Routines you expect students to follow

Learners need to have your expectations for learning clearly explained and displayed prominently.

Context

It is not sufficient to assume or expect that students know how to behave for you. To manage and improve behaviour you need to teach it. Don’t allow your students to guess the rules for each activity or to simply adopt the same behaviours as they do in other subjects. The routines for teaching and learning in a STEM classroom are different and must be practiced. When the rules for each type of activity (watching a demonstration, silent independent work, packing away at the end) are clear to everyone, then the boundaries for conduct are properly set.

When you watch an experienced teacher working in a STEM teaching space the routines are initiated, reinforced and corrected so subtly that it seems effortless. It takes time to teach the routines. They start off as checklists that are run through laboriously before each new activity but when the students have learned them well the signs disappear, the acknowledgement becomes discreet and a routine becomes automated.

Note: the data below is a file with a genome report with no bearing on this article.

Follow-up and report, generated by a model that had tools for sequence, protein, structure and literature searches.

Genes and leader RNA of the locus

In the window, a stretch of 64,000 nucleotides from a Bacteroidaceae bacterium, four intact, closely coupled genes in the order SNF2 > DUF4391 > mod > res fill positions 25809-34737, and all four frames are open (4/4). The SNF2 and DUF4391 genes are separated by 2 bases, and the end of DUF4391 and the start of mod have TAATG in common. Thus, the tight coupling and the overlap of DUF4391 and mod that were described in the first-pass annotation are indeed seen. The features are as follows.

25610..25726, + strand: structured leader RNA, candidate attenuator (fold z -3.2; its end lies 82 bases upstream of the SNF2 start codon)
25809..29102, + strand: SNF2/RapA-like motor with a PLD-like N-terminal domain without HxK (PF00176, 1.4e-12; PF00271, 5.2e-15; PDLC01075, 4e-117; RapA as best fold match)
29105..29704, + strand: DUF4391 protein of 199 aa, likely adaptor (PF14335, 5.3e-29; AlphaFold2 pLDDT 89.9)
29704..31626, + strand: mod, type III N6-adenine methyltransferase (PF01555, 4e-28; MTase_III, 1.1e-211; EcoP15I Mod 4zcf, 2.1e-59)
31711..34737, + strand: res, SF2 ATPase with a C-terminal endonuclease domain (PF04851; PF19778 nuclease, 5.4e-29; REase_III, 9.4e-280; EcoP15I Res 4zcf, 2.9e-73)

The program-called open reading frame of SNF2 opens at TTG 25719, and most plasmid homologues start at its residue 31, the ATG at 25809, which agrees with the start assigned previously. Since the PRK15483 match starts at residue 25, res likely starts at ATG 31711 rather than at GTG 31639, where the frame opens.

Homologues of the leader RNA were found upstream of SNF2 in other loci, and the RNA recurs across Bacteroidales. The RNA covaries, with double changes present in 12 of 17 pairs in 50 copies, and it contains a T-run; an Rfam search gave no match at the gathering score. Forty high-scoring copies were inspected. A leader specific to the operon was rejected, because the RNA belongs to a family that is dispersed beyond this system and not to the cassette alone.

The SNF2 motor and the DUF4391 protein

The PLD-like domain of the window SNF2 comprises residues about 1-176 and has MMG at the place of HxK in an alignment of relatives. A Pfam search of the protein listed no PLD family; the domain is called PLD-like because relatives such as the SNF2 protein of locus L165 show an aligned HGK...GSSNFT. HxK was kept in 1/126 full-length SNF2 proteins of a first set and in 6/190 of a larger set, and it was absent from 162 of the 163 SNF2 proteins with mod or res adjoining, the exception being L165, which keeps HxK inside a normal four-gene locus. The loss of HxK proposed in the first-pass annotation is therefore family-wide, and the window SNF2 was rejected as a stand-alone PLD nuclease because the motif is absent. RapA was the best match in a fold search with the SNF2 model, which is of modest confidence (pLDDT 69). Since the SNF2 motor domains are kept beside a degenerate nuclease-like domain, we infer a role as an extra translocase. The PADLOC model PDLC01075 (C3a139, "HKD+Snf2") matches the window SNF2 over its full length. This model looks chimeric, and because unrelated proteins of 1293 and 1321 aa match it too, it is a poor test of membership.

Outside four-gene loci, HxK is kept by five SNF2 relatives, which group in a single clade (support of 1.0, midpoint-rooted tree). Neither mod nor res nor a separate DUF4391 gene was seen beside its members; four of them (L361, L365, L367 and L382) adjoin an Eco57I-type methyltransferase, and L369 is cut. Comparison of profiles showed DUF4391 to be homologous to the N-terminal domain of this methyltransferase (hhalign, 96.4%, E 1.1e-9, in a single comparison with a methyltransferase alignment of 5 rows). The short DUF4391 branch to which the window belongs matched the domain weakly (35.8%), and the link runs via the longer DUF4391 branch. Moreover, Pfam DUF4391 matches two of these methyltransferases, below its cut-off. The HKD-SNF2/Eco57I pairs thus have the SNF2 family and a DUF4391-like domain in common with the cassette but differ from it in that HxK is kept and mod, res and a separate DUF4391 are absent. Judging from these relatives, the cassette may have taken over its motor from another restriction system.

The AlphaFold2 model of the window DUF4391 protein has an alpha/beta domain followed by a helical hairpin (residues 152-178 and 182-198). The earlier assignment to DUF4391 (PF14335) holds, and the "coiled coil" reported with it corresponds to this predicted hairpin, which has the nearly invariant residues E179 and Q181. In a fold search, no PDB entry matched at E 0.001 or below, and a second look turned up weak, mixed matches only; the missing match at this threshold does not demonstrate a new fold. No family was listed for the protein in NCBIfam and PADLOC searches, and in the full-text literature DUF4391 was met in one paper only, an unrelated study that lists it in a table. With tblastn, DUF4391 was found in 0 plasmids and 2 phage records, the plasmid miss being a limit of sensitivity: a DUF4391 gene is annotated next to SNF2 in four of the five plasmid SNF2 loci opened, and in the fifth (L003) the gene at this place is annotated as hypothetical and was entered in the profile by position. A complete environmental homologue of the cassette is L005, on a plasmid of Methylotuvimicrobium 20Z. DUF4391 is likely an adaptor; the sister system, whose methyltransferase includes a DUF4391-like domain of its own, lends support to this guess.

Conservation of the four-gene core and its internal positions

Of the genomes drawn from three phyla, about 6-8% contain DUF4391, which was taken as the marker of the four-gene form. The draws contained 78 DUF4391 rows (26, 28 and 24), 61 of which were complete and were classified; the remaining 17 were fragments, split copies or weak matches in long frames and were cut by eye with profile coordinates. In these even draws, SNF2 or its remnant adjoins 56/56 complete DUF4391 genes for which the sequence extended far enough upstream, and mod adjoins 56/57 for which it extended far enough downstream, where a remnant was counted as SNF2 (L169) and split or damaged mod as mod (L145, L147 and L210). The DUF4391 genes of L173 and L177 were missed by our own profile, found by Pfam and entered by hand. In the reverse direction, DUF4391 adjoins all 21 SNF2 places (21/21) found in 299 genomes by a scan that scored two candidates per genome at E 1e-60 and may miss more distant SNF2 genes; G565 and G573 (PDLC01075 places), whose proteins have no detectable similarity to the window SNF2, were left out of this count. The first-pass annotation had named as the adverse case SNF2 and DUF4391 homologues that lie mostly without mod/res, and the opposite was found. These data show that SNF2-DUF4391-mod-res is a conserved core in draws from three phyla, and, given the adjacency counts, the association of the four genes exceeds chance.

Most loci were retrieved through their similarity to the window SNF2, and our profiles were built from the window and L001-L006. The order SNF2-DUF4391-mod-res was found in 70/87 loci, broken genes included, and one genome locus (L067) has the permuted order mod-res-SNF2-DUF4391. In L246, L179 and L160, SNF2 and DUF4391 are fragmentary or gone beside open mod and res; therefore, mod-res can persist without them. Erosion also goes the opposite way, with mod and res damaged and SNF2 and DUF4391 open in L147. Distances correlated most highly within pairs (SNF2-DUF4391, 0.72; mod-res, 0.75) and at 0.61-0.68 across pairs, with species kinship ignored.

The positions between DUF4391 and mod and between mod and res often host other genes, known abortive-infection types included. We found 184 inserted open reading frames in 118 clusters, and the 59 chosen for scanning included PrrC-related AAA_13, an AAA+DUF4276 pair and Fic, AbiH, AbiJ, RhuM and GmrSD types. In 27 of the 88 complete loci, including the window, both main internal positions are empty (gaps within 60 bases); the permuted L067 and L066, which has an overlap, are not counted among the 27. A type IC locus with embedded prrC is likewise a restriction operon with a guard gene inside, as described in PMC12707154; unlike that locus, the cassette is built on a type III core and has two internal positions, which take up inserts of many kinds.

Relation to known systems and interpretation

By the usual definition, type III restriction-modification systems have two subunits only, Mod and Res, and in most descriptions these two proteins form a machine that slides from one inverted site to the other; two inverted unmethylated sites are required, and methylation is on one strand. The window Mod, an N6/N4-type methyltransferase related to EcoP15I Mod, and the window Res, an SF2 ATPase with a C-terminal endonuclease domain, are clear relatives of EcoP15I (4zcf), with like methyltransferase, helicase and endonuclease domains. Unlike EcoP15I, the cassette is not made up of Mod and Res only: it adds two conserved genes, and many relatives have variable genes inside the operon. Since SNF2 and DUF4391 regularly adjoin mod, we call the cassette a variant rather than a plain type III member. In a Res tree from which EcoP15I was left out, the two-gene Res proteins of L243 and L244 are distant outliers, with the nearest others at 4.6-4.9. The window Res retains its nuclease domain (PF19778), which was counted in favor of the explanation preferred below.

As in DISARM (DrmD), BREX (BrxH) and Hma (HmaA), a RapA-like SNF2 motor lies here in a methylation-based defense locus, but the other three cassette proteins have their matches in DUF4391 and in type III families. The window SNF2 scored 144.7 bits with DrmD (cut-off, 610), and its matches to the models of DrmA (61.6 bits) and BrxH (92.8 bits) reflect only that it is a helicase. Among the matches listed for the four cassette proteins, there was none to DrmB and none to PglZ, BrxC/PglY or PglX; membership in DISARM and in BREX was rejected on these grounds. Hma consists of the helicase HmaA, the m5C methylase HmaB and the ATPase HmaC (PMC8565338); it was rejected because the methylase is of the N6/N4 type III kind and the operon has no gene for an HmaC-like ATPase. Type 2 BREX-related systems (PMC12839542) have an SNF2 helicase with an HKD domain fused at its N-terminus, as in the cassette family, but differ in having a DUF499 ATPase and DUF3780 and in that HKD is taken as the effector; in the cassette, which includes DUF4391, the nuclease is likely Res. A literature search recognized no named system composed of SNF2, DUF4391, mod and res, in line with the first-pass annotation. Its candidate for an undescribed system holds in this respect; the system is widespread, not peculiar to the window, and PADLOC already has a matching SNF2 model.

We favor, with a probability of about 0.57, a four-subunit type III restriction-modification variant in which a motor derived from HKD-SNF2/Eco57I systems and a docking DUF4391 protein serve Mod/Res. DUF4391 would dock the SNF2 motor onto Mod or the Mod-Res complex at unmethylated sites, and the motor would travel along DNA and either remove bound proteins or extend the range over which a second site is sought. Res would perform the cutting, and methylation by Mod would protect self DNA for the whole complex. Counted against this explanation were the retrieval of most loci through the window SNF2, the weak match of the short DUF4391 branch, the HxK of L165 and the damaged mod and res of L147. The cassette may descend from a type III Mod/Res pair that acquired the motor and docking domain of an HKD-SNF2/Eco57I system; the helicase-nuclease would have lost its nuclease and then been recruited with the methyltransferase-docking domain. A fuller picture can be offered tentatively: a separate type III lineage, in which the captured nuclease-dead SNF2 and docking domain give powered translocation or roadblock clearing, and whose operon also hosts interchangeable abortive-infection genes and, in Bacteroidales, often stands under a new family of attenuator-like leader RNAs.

Task

Your routines

Spend five minutes to write down all the formal routines you expect learners to follow. e.g. Answering registers, watching a demonstration, peer assessment feedback, operating heavy equipment (e.g. cutting tools)

Then spend five minutes writing down all the informal routines you expect. e.g. Packing away equipment from experiments, staying safe in the workshop, asking for permission to leave the room,

NB: If you are a more experienced teacher, you might like to think about refining existing routines and raising the expectations for each. Which routines have lapsed, which are not as tight as they used to be, which routines have been worn down?

Which new routines do your students urgently need to learn?

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This article is from the free online course:

Managing Behaviour for Learning

National STEM Learning Centre